Ecuador is one of the smallest South American countries, yet one of the most diverse in the world. With 283.561 km2 (109,415 sq ml.), it is one of those nations many people are hard-pressed to find on a map. Logically, however, and go by the title —Ecuador—, and know it´s in South America rather than Africa, you will find it rather quickly: as the name reveals, it lies on the equator, from which it takes its name. The only nations in South America through which the equator line runs, are Brasil, on the Atlantic shores, Colombia, to the north of Ecuador, and Perú, to the south and east. To the west of this “Andean” nation is the Pacific Ocean, and a thousand kilometers (roughly 700 miles) away from its coastline, the world-famous Galápagos Islands, which belong to Ecuador.
Ecuador – Its Regions
Ecuador is one of the seventeen countries in the world considered to be “megadiverse”, that is, with more species per square kilometer than any other nation, harboring the majority of the plant and animal species of the entire planet. It was definitely the first country that officially declared, through its Constitution of 2008, that there are legally enforceable Rights of Nature. The four main regions are the Coastal Plains, which start at the base of the Andes all the way to the Pacific shores. The Highlands, also known as the Sierra, which is an area that runs from the north to the south of the country with two main Andes Cordilleras, which Alexander von Humbolt coined “The Avenue of the Volcanoes.” The Amazon Region or the Oriente, to the east, holds not only world records in biodiversity, but it’s also where most of the waters are gathered that feed the Amazon river. The Galapagos Islands are considered the fourth region, perhaps the best-known of Ecuador’s many protected areas.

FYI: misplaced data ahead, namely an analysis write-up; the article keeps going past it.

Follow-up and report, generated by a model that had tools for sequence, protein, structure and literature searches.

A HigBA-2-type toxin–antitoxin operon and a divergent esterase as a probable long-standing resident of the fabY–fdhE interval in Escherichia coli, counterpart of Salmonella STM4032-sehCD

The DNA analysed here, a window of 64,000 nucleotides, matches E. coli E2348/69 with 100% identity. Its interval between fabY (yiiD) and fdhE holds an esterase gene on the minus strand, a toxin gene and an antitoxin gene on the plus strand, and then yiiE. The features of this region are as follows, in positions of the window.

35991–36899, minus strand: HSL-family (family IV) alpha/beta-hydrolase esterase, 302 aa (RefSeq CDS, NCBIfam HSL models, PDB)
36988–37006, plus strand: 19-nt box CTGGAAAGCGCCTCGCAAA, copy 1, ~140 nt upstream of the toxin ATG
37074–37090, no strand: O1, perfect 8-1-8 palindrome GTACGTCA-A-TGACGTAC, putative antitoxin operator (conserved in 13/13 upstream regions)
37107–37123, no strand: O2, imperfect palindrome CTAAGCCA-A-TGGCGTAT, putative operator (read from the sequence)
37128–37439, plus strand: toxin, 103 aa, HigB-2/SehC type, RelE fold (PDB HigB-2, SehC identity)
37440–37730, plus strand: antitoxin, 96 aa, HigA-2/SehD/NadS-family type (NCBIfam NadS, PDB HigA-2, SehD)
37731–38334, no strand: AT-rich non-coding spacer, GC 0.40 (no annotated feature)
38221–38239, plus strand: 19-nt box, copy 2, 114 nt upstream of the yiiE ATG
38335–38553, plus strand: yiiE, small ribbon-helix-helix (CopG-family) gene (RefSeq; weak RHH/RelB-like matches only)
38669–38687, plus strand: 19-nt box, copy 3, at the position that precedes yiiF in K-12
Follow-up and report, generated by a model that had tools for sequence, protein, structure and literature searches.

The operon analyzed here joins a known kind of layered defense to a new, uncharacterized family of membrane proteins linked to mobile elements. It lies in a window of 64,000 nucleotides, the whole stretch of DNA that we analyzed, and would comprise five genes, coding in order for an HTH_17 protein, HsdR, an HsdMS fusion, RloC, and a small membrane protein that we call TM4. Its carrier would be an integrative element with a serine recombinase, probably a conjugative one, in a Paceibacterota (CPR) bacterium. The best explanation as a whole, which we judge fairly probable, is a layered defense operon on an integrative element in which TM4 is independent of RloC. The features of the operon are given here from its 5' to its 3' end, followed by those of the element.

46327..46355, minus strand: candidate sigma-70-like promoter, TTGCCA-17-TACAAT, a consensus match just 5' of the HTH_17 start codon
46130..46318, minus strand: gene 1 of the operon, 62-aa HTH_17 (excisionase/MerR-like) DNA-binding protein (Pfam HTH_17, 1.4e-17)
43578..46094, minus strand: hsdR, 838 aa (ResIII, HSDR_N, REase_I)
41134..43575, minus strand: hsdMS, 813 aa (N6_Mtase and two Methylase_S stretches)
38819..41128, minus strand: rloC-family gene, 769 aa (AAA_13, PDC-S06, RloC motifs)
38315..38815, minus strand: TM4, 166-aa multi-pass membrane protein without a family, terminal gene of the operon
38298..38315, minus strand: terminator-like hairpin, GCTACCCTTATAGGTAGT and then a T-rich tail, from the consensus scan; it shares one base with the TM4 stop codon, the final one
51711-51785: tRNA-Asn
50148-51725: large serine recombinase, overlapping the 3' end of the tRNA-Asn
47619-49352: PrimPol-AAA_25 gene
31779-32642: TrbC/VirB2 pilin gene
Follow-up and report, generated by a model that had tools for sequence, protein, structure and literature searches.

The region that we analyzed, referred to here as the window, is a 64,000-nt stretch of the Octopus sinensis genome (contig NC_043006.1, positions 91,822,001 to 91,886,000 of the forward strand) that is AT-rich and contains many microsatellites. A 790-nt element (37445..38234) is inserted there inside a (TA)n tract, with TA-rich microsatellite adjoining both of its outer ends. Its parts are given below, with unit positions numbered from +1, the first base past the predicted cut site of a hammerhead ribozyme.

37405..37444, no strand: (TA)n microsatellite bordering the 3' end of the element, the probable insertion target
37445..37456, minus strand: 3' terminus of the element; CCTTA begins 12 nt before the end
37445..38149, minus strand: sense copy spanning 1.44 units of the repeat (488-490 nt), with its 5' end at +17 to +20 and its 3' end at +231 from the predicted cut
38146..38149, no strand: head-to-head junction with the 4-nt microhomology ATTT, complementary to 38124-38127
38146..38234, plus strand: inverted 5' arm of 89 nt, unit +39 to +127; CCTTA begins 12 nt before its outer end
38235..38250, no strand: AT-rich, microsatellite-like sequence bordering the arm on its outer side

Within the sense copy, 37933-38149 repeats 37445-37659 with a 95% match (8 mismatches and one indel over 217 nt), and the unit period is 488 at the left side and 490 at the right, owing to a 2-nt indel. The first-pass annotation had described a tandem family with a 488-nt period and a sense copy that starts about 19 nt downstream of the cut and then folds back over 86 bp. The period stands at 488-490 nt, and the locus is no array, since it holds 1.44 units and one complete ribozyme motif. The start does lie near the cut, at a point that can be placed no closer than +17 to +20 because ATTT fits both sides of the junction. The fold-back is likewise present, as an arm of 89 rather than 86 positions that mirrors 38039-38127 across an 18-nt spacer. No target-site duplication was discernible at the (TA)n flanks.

Ecuador – History, Politics and “Extractivist” Economy